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Trump tells anti-abortion conservatives at March for Life rally: You still need me

John T Bennett

Donald Trump, with an eye towards his re-election campaign, reminded a key part of his conservative political base of all he has done to chip away at abortion rights since becoming president.

"Since my first day in office, I've taken historic action to support America's families and to protect the unborn," he said at the March for Life rally on the National Mall, becoming the first US president to address the event in person. "When we see the image of the baby in the womb, we glimpse the majesty of God's creation."

He walked the anti-abortion crowd through the actions he has taken since January 2017, reminding them "we issued a landmark pro-life rule to govern the use of Title X taxpayer funding."

Mr Trump also portrayed himself as fighting Democrats in Congress who want to change laws to make it easier for women to end pregnancies.

"I notified Congress that I would veto any legislation that weakens pro-life policies or that encourages the destruction of human life," he said to loud cheers. "As the Bible teaches us, each person is wonderfully made."

Trump rarely speaks about his own faith, but he invoked a higher power several times on Friday.

"We've taken decisive action, religious liberty - so important, religious liberty," he said. "Very strongly attacked in our nation. You see it better than anyone. But we are stopping it.

"Sadly, the far left is actively working to erase our God-given rights, shut down faith-based charities, ban religious believers from the public square and silence Americans who believe in the sanctity of life," Mr Trump said.

He even contended House Democrats impeached him and are arguing for the Senate to remove him because he is pushing a conservative agenda. "They are coming after me because I am fighting for you. ... We will win because we know how to win," he said at the March for Life on the National Mall.

Notably, he also reminded the large audience that he put two conservative justices on the Supreme Court, Neil Gorsuch and Brett Kavanaugh - both are staunchly pro-life. And conservative voters say they think about Supreme Court vacancies more than liberal voters do, according to reams of polling data.

The United States has "never had a stronger defender in the White House," he said, hammering home his point.

The event was an official White House policy affair, but his brief time on the Mall felt more like one of his campaign rallies.

He came out to Lee Greenwood's "God Bless the USA," which is his rally introduction song. He left to the Rolling Stones' "You Can't Always Get What You Want."

The president, always thinking about his re-election bid, became the first chief executive to address the march in person. In doing so, he excited part of his conservative political base months before an election that political strategists say likely will come down to which side can get their base to the voting booth in big numbers.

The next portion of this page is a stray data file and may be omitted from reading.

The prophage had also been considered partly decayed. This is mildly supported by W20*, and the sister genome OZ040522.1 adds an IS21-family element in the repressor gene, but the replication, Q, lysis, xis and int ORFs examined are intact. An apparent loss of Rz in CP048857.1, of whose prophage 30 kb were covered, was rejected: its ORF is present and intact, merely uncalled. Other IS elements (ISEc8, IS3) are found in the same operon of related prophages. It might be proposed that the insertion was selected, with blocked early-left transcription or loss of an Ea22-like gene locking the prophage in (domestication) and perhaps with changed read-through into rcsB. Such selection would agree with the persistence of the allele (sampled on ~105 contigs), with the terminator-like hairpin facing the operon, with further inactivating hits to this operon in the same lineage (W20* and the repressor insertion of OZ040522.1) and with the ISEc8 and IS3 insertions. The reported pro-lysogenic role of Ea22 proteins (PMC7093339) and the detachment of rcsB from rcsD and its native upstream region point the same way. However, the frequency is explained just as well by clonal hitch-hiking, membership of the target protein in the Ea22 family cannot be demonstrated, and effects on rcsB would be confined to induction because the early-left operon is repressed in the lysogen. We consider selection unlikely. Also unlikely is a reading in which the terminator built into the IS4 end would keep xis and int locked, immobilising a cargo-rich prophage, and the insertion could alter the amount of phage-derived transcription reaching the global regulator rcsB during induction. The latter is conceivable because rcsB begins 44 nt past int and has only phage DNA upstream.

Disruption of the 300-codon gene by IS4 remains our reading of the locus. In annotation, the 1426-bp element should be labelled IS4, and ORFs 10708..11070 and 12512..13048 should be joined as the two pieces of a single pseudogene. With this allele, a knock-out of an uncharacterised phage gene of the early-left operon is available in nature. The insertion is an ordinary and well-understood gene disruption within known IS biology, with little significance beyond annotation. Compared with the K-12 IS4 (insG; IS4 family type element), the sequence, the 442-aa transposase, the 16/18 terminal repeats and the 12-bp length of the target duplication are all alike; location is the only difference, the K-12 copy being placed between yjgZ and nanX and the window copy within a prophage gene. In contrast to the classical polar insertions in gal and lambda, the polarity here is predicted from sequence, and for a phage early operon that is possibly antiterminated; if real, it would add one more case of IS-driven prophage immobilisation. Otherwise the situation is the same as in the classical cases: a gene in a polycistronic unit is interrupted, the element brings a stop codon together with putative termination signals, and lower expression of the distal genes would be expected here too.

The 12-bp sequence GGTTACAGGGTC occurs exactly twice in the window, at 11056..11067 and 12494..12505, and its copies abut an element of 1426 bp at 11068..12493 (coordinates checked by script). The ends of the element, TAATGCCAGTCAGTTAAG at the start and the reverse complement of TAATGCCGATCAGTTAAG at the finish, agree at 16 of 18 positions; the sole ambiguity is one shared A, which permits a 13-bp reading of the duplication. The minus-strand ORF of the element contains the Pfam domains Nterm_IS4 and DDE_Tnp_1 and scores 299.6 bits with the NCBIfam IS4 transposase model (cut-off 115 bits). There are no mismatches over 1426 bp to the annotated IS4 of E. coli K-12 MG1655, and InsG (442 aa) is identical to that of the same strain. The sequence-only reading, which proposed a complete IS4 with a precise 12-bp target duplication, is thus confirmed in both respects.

New polling conducted this month by the nonpartisan Gallup organisation shows that bloc's views on the subject remain largely unchanged. But Gallup found overall disatisfaction with abortion laws now stands at 58 percent, the highest figure since it began asking voters in 2002. Democratic and independent voters want less strict abortion laws, but Mr Trump has shown little interest in expanding his political base, again and again trying to please conservatives.

Mr Trump has fully endorsed the pro-life movement after anti-abortion groups and activists worried as he took office that he might not live up to promises he made them as a candidate in 2016.

But he was greeted warmly when he arrived on the National Mall on Friday afternoon.

That's because he has endorsed the kind of abortion ban favoured by the pro-life movement. (He has said he supports exceptions for rape and incest cases, as well as when the life of a mother is at risk.) Mr Trump also frequently mentions at political rallies and some official White House events that he supports banning abortions after the 20th week of pregnancy.

As he did Friday, Mr Trump is never shy when reminding a specific group that he has kept his campaign promises.

"When I ran for office, I pledged to stand for life. And as President, that's exactly what I've done. And I have kept my promise, and I think everybody here understands that fully," he told a pro-life group in May 2018.

But also fuelling America's fight over abortion are powerful groups that support a woman's right to choose to end a pregnancy.

One is NARAL Pro-Choice America says in a statement on its website that the president "has already shown his anti-woman agenda in his actions." The group also raised alarms about Mr Trump's "support for a number of anti-choice policies that would have a devastating impact on women nationwide."

But anti-abortion organisations and GOP lawmakers hailed him for being the first president to address the group in person, and for his policy actions.

House minority leader Kevin McCarthy on Friday said the Trump administration "has made significant strides in the fight for life. He has appointed pro-life judges, slashed taxpayer funding for abortion providers, and created a new office for conscience protection at the Department of Health and Human Services. His advocacy and initiative has moved our country in the right direction and I am optimistic we will continue to make meaningful progress.